Where to start

You can choose to start with the theses tabs at the top for an overview.

And you might enjoy my (cheap) bathroom reader book, Treasure Trove in Passing Vessels

And don't miss my Hurricane Katrina blog.

Wednesday, December 23, 2015

A nation of Indians ruled by Swedes?

Unintended consequences? "Religion in America was clearly and decisively disestablished, but it flourished all the more—not so much in spite of disestablishment as because of it." More from Os Guinness in The Case for Civility. Read it! Excerpts follow:

What is clear is that the notion of secularization as the inevitable decline and disappearance of religion in the modern world is the secularist’s fond hope, if not superstition. Religion in America and in most parts of the world is not disappearing and shows no sign of disappearing; and even in those parts of the world where it has declined for the moment, there are indications that the story is not over....
...more accurately a form of believing without belonging, as religious beliefs persist while allegiance to institutional forms of religion declines.

Second, what remains is often a form of “vicarious religion,” as those who have no religious affiliation still continue to look to established churches to speak on their behalf and sustain the cultural memory of their country at key moments in national life—such as Britain’s outpouring of national grief after the death of Princess Diana. Martin Rees, Britain’s present Astronomer Royal and president of the Royal Society, famously acknowledged that he goes to church as an “unbelieving Anglican…out of loyalty to the tribe.”

Peter Berger. On the one hand, he remarked, the tone deafness of the elites at home means that United States is “a nation of Indians ruled by Swedes.” In other words, the American people are as religious as the people of India, the most religious country in the world, whereas the American elites are as secular as the people of Sweden, the most secular country in the world—a fact that lies at the core of the culture wars today.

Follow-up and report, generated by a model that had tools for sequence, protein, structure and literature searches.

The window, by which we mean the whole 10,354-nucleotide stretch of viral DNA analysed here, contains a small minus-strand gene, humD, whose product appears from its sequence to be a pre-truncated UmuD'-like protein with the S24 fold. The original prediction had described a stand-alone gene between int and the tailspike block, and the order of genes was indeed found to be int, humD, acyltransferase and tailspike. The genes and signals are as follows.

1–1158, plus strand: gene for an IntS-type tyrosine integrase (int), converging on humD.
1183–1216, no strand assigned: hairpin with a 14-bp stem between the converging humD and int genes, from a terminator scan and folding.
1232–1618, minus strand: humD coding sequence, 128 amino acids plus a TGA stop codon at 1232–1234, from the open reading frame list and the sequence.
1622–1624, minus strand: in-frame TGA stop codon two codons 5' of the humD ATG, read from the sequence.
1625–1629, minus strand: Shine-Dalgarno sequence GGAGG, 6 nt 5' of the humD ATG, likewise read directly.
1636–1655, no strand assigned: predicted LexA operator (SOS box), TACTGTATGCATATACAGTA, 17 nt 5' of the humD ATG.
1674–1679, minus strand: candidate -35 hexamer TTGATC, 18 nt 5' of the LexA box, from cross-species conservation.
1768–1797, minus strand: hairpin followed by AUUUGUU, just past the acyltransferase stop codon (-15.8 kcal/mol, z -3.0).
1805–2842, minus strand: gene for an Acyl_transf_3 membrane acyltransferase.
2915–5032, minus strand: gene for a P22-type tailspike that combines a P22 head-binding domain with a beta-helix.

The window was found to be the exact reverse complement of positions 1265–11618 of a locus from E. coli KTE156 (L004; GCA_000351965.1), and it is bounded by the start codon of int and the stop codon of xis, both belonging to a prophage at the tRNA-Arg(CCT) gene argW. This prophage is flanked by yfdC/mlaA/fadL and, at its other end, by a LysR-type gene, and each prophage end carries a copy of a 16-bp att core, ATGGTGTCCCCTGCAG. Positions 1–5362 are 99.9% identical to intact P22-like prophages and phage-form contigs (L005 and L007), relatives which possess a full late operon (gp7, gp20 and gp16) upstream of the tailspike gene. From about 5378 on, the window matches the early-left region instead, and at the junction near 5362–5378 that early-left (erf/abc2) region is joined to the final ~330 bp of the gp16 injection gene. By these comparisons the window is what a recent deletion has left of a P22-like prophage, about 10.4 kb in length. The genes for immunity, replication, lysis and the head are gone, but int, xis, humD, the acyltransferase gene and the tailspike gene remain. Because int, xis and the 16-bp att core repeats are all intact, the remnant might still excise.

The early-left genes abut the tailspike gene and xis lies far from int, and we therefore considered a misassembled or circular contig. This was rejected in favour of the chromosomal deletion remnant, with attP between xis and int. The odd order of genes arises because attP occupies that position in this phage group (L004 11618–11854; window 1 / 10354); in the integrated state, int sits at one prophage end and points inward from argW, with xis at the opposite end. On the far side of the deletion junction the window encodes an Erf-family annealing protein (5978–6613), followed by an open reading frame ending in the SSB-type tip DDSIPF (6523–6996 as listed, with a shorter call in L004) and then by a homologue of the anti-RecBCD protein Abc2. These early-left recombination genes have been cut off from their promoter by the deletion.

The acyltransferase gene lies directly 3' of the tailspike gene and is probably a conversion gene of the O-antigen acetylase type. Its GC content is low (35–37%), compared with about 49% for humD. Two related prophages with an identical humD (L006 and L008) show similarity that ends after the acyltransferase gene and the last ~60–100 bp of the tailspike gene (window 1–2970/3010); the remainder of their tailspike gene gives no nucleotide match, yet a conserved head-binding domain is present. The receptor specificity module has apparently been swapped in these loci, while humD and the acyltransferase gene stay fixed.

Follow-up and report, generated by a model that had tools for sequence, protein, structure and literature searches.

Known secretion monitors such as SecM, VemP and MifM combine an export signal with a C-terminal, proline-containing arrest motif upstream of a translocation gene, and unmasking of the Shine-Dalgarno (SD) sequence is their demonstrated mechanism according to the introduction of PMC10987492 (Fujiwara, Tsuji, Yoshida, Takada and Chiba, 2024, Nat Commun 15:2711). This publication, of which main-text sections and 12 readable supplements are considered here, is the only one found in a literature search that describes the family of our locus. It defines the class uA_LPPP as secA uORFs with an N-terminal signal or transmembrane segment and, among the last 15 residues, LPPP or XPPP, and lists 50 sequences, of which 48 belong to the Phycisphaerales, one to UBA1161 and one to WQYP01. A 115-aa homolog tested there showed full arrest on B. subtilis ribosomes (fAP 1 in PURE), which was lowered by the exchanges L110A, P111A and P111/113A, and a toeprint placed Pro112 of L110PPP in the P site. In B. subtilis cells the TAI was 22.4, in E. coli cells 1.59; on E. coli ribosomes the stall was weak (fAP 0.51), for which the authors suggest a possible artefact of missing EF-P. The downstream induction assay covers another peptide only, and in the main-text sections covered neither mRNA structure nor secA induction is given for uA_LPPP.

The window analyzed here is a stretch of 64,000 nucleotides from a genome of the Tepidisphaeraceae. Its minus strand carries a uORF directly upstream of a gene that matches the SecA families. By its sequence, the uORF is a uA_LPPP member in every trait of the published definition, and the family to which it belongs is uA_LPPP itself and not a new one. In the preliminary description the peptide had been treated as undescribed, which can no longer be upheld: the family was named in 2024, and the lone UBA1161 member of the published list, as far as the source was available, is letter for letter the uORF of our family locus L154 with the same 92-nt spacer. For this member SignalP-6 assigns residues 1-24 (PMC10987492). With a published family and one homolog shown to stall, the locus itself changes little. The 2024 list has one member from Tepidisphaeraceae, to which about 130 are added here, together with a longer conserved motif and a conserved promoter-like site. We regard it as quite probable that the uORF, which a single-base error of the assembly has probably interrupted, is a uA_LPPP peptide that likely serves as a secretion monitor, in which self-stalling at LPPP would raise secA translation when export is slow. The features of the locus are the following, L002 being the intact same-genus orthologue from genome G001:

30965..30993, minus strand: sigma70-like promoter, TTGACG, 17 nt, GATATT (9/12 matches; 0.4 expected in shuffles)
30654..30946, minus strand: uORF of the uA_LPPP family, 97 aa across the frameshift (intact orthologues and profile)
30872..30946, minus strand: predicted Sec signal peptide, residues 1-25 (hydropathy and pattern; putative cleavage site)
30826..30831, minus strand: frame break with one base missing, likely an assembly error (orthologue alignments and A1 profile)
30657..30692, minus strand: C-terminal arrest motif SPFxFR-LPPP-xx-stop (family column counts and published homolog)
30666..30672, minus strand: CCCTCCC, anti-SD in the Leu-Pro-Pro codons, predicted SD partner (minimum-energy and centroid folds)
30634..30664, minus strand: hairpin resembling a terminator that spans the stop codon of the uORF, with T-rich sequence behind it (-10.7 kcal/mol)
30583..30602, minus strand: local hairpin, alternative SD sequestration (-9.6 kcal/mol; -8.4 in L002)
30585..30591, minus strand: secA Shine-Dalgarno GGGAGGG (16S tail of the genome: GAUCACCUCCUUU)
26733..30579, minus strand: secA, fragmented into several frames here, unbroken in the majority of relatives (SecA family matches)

America is paradoxically viewed in many parts of the world as a nation of “Puritans and pornographers.”

At one extreme, 1789 was decisive in pushing France in a radically secular direction—or, as Jefferson said, toward atheism. A deeply corrupt church and a deeply corrupt state had united in their coercive repression of all dissent, and, like a volcanic explosion, the French Revolution blew them both away together: the Jacobin slogan of “strangling the last king with the guts of the last priest” had the effect of producing Jefferson’s full-blown atheists rather than moderate deists like himself.

Church and state were not officially separated in France until February 21, 1795. But the overall explosion that the corrupt, coercive French establishment ignited against itself created a grand fusion of revolution and irreligion and led to a radical secularization of French public life, so that in France to be progressive still mostly means being secular and to be religious still means being viewed as reactionary. This is a key part of the French mentality that lingers to this day and bedevils the resolution of French conflicts over religion in public life, not to speak of the direction of the European Union.